For car aficionado, CTA looks better in rear-view mirror
Subscribe for unlimited digital access.
Try one month for $1!
Subscribe for unlimited digital access. Try one month for $1!
One license plate roaming the city seems to condense the hopes and dreams of regular users of the Chicago Transit Authority into seven simple letters.
It reads: NO MO CTA
Its owner, Jerry Giovannelli, once turned down an offer from a CTA bus driver who, upon retirement, desperately wanted to buy his vanity license plate for $10,000.
Giovannelli’s history with the plate runs deep.
As a teenager growing up on the Northwest Side, he struck a deal with his dad: If I get straight A’s, you buy me the old beat up Chevrolet Corvette Stingray our neighbor is trying to sell.
“So one day my dad tells me to come to the garage, he got me the Stingray. So I go in and he opens the freezer door and has me remove two shelves and there was a stingray — a fish,” recalled Giovannelli. “I said, ‘Yea. OK,’ and walked away. . . . And he’s laughing. He says, ‘You know how much this cost? This is good when you slice it up and put it on the grill.’ ”
He was stuck with the CTA.
At 23, after serving as a pilot in the Illinois National Guard, Giovannelli was attending class at the University of Illinois at Chicago — a commute that required CTA buses and trains.
“I was flying helicopters in the Army, and there I was still taking the bus and I was just like, ‘Screw it. I’m buying a car,’ ” Giovannelli said.
“I bought a BMW M3 and I haven’t looked back,” he said.
The vanity plate, which he pays a yearly fee to maintain, has since moved to a Lexus, and, more recently, a nicer Lexus.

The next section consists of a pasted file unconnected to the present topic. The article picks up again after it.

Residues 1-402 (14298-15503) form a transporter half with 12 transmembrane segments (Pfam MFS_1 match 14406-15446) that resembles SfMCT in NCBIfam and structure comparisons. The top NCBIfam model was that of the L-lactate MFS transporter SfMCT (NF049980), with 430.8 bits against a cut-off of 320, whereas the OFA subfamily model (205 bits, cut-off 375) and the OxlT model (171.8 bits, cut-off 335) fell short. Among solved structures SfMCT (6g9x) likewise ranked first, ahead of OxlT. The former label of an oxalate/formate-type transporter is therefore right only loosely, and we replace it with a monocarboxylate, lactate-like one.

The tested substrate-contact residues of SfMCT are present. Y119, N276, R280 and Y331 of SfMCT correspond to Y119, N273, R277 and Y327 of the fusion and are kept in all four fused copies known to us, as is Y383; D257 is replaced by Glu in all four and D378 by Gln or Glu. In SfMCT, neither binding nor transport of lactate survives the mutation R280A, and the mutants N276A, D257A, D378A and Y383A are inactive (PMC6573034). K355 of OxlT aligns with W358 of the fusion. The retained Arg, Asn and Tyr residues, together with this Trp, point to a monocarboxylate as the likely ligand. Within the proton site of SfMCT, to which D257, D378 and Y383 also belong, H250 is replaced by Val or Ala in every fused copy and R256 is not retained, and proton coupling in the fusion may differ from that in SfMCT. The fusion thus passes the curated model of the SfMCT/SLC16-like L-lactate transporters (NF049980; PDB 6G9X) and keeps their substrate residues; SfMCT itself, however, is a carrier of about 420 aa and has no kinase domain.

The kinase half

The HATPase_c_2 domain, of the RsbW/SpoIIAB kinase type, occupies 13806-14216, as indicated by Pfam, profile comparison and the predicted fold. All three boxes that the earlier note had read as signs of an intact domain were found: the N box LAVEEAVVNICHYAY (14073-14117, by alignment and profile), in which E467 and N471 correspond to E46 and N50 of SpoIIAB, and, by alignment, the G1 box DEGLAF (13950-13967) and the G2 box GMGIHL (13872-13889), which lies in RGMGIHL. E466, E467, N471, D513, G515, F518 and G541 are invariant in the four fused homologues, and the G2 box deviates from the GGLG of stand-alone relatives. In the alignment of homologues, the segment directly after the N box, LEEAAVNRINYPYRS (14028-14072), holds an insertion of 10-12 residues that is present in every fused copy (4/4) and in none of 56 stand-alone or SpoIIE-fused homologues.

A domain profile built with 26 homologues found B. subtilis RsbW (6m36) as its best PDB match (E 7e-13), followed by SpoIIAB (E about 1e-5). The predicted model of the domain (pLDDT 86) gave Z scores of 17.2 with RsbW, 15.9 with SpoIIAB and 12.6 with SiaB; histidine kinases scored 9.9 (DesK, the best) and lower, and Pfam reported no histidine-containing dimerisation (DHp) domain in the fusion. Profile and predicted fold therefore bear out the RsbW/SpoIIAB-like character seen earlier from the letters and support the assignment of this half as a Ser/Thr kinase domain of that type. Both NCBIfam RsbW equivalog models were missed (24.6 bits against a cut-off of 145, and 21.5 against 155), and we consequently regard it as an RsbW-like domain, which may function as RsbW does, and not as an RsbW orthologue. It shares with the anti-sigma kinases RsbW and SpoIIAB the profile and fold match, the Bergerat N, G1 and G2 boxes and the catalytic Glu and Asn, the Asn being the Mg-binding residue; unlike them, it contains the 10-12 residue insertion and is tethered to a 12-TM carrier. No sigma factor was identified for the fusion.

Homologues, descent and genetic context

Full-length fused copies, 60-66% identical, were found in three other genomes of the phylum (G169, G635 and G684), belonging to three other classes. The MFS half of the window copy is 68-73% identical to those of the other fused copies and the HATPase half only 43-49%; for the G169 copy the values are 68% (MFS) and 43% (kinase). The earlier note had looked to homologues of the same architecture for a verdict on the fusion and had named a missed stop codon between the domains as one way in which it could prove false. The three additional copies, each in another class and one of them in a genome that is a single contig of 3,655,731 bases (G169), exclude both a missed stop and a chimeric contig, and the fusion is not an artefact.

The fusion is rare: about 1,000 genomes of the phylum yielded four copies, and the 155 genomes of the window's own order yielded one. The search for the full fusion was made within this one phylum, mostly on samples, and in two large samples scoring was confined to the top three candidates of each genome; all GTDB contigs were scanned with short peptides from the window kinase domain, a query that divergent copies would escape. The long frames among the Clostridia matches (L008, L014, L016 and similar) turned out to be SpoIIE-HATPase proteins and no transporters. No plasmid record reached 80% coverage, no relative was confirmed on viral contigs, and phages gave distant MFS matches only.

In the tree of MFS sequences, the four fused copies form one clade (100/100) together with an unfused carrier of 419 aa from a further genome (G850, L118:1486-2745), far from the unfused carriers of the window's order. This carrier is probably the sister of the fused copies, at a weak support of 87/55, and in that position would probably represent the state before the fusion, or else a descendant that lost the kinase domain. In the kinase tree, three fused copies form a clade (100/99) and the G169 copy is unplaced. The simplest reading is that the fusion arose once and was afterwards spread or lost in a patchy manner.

Giovannelli, 37, noted that he buys all of his cars used and never pays over half the sticker price.
“I like cars. You’ve got to like something in life,” said Giovannelli, who lives in the western suburbs with his wife and two sons and works as director of construction and planning at the Rehabilitation Institute of Chicago.
“Every single day people see the plate and honk, wave, smile, laugh — all positive. I think to go from the CTA to a nicer car like that, it’s a real story. I think people write their own story.”
Giovannelli thinks perhaps his appreciation for cars — and his relationship with the CTA — came from his dad, John Giovannelli, who once, as a young man, owned a Corvette — until his roommate crashed it.
“After the accident, his roommate fled the state and my dad was left holding the bag for the crash. He lost his license for three years and had to take the CTA the entire time. So I guess he thought, ‘If it was good enough for him, it was good enough for me.’ ”
Another of his father’s arguments for taking the train: When else are you going to have someone open the door for you?
“My dad is a character,” said Giovannelli, who loves his father but sometimes did not fully appreciate his sense of humor growing up.
“He came from nothing and worked his way up,” he said. “He came here when he was 18 from Italy and went to Northwestern and IIT and went on to help design nuclear power stations.”
“He had me working at the age of 6, helping him carry material that he’d use to refinish basements in the neighborhood. A few years later I was cutting lawns.”
His parents did finally help him buy his first car.
“But I learned a lot before that day ever came,” he said.